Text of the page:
With several conspiracy theories swirling around the women’s basketball world this week, there was a surprising blast of candor as well, an attempt to answer a vexing question that I think is a lot more compelling in the sport than the media focus elsewhere:
What the heck’s the matter with Kentucky?
Meanwhile, in Lexington, Matthew Mitchell was publicly owning up to the upheaval of a Kentucky women’s basketball program that in some ways has recently symbolized much of what has ailed, and challenged, the women’s college game.
What’s happening there illustrates, to an extent, the pressures of the high-stakes, big-money environment at the top levels of the women’s game, especially within in the last decade. Former Women’s Basketball Coaches Association CEO Beth Bass aptly described this as “the devil at the bottom of the wishing well.”
The Wildcats survived four early-season player departures to reach the Sweet 16, but getting beat in the regionals by Washington at Rupp Arena was a deflating end to what had been an encouraging season.
However, since the end of the season, two more players have transferred and a McDonald’s All-American signee has asked out of her letter of intent. More shockingly, Mitchell’s entire staff has departed, and not for the first time.
He fired one of his assistants, Adeniyi Amadou, while Tamika Williams-Jeter and Camryn Whitaker resigned this week. Mitchell re-hired Kyra Elzy, dismissed at Tennessee, and who on staff during his successful early tenure at Kentucky.
In an unusual news conference Wednesday, and in separate interviews with local media, Mitchell said responsibility falls on him and what he admitted was a chaotic management style that included communications problems, mistakes in hiring staff members and wanting to spend time with his family.
In a wide-ranging, occasionally rambling interview with Lexington Herald-Leader beat writer Jen Smith, Mitchell admitted he’s struggled to piece together a staff like the one that meshed well early in his UK tenure, attend to players individually and oversee an ambitious program that has been provided with generous resources to become one of the nation’s elite: “This is a very, very difficult time but this is not bringing me down.”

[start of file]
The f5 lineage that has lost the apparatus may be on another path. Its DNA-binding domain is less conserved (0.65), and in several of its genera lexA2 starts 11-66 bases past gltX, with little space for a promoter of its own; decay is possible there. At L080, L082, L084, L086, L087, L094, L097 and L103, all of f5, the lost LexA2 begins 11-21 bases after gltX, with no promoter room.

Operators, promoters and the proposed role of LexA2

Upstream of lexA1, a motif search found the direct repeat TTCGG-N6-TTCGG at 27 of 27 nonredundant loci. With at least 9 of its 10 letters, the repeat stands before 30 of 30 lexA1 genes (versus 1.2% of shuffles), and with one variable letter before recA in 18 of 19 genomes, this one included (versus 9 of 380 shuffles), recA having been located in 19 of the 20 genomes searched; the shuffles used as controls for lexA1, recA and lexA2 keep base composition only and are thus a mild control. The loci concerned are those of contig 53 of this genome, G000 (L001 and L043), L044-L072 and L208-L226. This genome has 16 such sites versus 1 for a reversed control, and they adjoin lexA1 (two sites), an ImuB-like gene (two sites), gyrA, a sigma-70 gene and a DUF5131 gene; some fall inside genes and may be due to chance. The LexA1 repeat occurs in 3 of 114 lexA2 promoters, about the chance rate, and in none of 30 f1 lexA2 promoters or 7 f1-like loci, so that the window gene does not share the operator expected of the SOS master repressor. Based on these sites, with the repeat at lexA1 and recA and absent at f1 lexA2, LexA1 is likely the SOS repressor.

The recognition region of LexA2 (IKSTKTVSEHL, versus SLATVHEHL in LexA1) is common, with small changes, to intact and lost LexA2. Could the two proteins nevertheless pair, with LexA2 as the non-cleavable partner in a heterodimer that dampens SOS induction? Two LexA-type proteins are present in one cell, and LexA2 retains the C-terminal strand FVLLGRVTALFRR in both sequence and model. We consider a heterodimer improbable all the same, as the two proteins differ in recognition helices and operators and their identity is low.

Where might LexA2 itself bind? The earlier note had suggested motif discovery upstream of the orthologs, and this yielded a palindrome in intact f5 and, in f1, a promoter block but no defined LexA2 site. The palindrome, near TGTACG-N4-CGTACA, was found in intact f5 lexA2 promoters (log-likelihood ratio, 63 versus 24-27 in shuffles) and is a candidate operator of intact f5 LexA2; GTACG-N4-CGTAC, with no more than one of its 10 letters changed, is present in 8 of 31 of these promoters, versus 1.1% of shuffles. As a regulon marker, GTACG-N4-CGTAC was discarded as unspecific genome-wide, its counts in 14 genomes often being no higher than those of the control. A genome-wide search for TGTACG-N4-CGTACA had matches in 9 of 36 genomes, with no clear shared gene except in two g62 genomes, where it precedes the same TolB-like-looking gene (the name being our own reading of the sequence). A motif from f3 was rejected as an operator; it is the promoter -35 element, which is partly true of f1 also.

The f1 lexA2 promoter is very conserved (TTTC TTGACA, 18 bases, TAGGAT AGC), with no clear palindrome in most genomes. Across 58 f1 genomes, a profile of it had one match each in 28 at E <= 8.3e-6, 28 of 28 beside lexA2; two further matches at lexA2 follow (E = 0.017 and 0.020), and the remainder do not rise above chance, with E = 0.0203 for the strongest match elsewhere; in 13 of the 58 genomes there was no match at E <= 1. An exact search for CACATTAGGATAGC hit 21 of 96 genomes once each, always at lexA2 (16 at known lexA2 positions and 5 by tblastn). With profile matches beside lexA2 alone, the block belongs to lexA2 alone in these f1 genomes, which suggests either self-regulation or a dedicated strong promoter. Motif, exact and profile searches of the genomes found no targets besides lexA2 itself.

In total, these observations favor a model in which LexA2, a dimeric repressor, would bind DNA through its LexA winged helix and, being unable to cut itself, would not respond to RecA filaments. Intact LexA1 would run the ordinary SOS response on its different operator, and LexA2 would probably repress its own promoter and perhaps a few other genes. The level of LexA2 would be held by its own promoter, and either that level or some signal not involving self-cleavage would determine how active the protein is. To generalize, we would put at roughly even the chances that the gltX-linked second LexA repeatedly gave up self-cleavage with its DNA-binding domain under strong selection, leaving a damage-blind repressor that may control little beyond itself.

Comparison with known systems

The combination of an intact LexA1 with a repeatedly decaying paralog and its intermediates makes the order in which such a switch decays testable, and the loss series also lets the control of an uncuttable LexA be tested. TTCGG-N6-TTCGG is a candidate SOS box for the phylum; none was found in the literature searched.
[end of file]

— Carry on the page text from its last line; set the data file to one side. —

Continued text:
Kentucky athletics director Mitch Barnhart, who’s as publicly supportive about his women’s program and coach as any AD in the nation, expressed his confidence in Mitchell: “We’re not that far off.”
Mitchell’s current contract runs through the 2018-19 season. UK is the host of regionals the next couple of seasons, so the opportunity for the program to reach its first Women’s Final Four is there.
For now, however, Mitchell has eight players on his probable 2016-17 roster, including senior guard Makayla Epps. Elzy’s return ought to stop some of the bleeding, but what she and Mitchell may be telling recruits at this stage must seem daunting.
In a state, and at a school, where men’s and women’s basketball matters a lot, Mitchell probably had little choice but to face the cameras and microphones.
There isn’t an investigation at UK into allegations of mistreatment, as has taken place at Nebraska, and that are ongoing at Loyola-Chicago and Duke, among others.
There aren’t complaints of racial discrimination, as has happened at Illinois and now at Iowa State. Players who have left Kentucky said they were simply unhappy and wanted to play elsewhere, although that can mean a lot of things.
In a Kentucky Sports Radio interview, Mitchell denied that he was too tough on players or assistants. While that’s always going to be difficult to answer, perhaps some better questions might be: What does it take to get the culture of a program right? How do you get it back after it slips away? Can you?